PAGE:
It was a display of tremendous resilience and dogged defiance. And no, I’m not talking about Brian Harman’s Open Championship win here. I’m honouring the gallant durability of the tent a colleague and myself were staying in on the 22-metre line of the pitch at the Hoylake rugby club. The thing was a marvel of the modern age.

After all that ruddy rain on Sunday, your drookit correspondent trudged despondently back to base camp fully expecting to be greeted by the chaotic sight of crumpled, twisted, flapping polyester sheets, guy ropes strewn in useless abandon and the kind of widespread, appalling squalor you’d get at the end of a drenched, mud-splattered Glastonbury Festival.

Instead, our billet for the week stood as majestically as the Taj Mahal. Despite the unrelenting torrents, not a drop of the wet stuff had penetrated the bolthole. Well, until fumble fingers here spilled a chipped mug of Chateau Lafite Rothschild in the tent’s vestibule as we celebrated a job well done.

In the wake of his Hoylake conquest, Harman revealed that he was looking forward to getting back to the sprawling acreage of his farm to try out his new tractor. He would have had a jolly old time at the rugby club yesterday morning as a tractor was brought in to haul out the caravans that had sagged into the quagmire. It was one of the most eye-opening scenes I’ve witnessed on a camp site since Barbara Windsor went, ahem, “ping” in that Carry On caper of yore.

It was a case of carry on regardless for Harman as he weathered the storm quite brilliantly on a soaking Sunday to become the champion golfer of the year. The 36-year-old was a low-key winner but he certainly hit the high notes with an exemplary display of calm and calculated golf that carried him to a mighty six-shot victory. He led by five after 36 holes, slept well on that lead, then cemented his five-shot lead on day three and slept well on it again.

That showed tremendous mental fortitude because holding such an advantage for that long, and trying to protect it, ain’t easy. Those playing catch up can throw caution to the wind and, if they come up short in their chase, get plaudits for giving it a good go. If you slip up from a such a front-running position of authority, however, there’s withering talk of capitulations and, dare we say it, choking.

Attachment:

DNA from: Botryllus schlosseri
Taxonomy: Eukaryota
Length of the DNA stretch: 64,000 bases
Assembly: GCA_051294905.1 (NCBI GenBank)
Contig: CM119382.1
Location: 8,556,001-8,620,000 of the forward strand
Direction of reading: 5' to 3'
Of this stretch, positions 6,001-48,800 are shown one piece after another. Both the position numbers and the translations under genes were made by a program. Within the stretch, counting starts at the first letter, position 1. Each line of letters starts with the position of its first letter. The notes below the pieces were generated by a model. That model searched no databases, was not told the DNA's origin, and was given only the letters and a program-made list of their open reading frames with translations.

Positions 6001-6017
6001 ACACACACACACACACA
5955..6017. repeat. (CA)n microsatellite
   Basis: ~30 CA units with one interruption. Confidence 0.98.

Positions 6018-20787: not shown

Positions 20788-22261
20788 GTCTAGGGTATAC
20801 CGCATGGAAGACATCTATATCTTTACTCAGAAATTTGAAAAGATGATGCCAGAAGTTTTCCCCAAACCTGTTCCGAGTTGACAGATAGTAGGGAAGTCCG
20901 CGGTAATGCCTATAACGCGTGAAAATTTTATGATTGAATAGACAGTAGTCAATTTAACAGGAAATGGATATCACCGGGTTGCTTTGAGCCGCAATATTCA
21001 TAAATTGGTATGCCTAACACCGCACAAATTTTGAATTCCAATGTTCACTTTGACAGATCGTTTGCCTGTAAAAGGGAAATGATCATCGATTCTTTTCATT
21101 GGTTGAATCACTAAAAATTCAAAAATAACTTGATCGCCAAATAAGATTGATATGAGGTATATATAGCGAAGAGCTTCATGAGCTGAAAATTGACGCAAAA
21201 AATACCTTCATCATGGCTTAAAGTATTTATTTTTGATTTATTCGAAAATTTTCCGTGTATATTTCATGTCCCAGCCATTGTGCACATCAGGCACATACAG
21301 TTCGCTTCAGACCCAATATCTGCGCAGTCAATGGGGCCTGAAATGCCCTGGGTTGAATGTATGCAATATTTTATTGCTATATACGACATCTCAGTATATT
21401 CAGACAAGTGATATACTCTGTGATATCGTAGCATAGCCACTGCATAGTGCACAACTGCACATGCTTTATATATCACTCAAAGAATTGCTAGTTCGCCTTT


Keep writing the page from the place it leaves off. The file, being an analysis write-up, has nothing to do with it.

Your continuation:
Harman was No.1 in fairways hit, he missed just one putt inside 10 feet all week and he found just two bunkers over the course of 72 holes. It was a masterclass. Had Rory McIlroy, Jon Rahm, Tommy Fleetwood or any of the other stars produced a performance of such majesty, all and sundry would be cooing themselves hoarse.

And what if Harman’s story had been in any other sport? The plucky, unheralded campaigner going from underdog to top dog would probably be roared about from the rooftops. In golf, though, it can lead to shrugging indifference.

Driving back up the road yesterday, one sports bulletin on the car radio started with the women’s football World Cup, moved on to a bit about Wilfried Zaha leaving Crystal Palace and finished with a preview of the World Aquatics Championship. Harman’s Open win didn’t tickle the fancy. In the pursuit to capture hearts and minds, beyond the dedicated followers of the game, golf often muddles on in the margins.

Harman is not a star. And the softly spoken, unassuming American won’t mind that. He’s not a journeyman either, because his record and his pedigree is better than that somewhat disparaging label implies. What he is, of course, is a very, very good golfer who has put in the hard yards and has finally been rewarded with the ultimate prize.

Everybody who gets into golf, or indeed any sport, does it for fun. We may be hopeless at it but it’s a game and it’s good fun. When it becomes a job, though, then that initial enjoyment can easily dissipate. For Harman, the enjoyment is in the toil and the never-ending quest for improvement in a game of tiny margins.

“Someone once told me, ‘you should do the things that make you lose track of time’,” Harman said. He must read this column online? “And for me, a lot of times when I’m practicing hitting balls or putting when I’m at home, I lose track of time. That’s how I know I really enjoy it.”

Harman certainly enjoyed his day in the sun. Or the rain. The men’s Majors are now done and dusted for another year. We’ve had four in 16 weeks.

In a fevered programme, they get packed into the calendar in a way that resembles me trying to shove my sleeping bag back into a storage sack that seems wholly unfit for the purpose. It could be worse. On the women’s front, there are four Majors shoehorned into a gasping two-month spell.

For the men, there is now a wait of more than 260 days until the grand slam occasions resume. April’s Masters, of course, benefits from this prolonged sense of anticipation. The rest, though, could do with some more room to breathe.

After a week battering away at The Open coalface, meanwhile, I could do with a breather myself.